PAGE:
--underwing

  6. #6
    DJTT Super Moderator midifidler's Avatar
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    Hey Underwing, right now we don't as I only ordered enough to complete our first run.

    The MOQ/SPQ on that part is 4000 pieces and because it a pretty specialized (its not intended for MQC clips, its actually for terminating enameled wire on transformers) I doubt it is available any where else.

    If you arent as concerned about the total height of the design you are working on you should be able find other options if you search mouser.

    Good luck, and if you don't get any where I'm sure we can help you out in a few months.

  7. #7
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    Ah, that explains a lot. Thanks a ton for the response, even if it was bad news :P. At least my curiosity has been thoroughly satiated.

    I'll likely make some carrier boards instead (small circles that sit on the bottom of the switches and terminate them with a more standard/usable connector); it's a design I've intended to try out for a while, anyway. That'll be better for early prototypes of my design anyway, won't have to re-etch and populate a PCB if my layout changes. I may take you up on the offer when you order another batch -- those connectors just look too nice to not play around with.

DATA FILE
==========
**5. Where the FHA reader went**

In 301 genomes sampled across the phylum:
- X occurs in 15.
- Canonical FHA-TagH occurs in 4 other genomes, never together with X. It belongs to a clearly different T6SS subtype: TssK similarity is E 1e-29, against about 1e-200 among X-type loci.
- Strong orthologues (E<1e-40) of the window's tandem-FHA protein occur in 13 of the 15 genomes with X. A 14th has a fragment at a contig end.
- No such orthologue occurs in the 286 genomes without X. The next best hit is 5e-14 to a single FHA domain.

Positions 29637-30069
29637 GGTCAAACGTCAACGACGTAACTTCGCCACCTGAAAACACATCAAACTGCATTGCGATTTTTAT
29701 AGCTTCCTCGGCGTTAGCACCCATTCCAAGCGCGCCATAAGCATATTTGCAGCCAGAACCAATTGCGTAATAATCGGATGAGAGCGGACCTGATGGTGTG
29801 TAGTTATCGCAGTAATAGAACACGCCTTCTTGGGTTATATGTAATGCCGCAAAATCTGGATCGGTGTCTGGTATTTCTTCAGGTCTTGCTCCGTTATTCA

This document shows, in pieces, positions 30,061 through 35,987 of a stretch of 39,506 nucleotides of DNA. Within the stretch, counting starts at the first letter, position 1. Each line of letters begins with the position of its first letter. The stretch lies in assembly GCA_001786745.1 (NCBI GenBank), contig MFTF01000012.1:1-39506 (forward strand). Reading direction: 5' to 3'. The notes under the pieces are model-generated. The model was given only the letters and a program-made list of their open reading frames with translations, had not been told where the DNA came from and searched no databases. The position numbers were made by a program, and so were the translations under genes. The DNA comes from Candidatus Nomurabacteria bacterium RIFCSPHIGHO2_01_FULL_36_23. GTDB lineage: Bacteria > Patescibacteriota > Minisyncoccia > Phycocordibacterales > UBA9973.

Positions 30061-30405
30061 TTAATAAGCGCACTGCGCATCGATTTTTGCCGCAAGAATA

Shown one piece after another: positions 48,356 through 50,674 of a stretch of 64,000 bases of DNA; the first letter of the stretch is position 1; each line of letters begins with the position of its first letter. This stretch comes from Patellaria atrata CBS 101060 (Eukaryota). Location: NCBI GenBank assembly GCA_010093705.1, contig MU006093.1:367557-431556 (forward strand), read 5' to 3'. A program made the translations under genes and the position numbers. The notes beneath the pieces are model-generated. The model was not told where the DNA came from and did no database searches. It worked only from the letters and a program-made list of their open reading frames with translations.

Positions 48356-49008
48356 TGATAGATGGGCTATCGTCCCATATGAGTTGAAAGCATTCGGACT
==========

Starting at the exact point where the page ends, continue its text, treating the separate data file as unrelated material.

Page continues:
Again, thanks for the responses.

    --underwing

  8. #8
    DJTT Super Moderator midifidler's Avatar
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    No problem,

    The aluminium version with the joysticks which Ean has used in his videos actually just used slots in the PCB so the arcade buttons are soldered directly to the PCB.

    One issue with this is access for cleaning the buttons, it is very fiddly to clean the buttons on that first design of the midifighter as you have to pop the plungers out without removing the PCB.

  9. #9
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    Yeah -- I've done static button placements like that in the past. I actually cut out an acrylic tool using my CNC machine that would "pinch" the snaps on the sides of the buttons to release them from the case, while I used some pliers to remove the microswitch (soldered to the board) from the rest of the button. You'd end up with the switch still on the PCB, and the plunger + bezel in your hands (ready to clean). It was just a pain, it took forever to do. My new idea is to basically just cut out a small PCB to solder the leads to, and have a low-profile connector (maybe a two pin right-angle header or something) that could easily be disconnected. That way all you would have to do for cleaning is disconnect the new connector and remove the button from the panel -- the PCB would come through the hole with it. It's a long run for a short slide, but I like to keep my buttons squeaky clean (especially the white ones), so it'll be worthwhile in the end I suspect.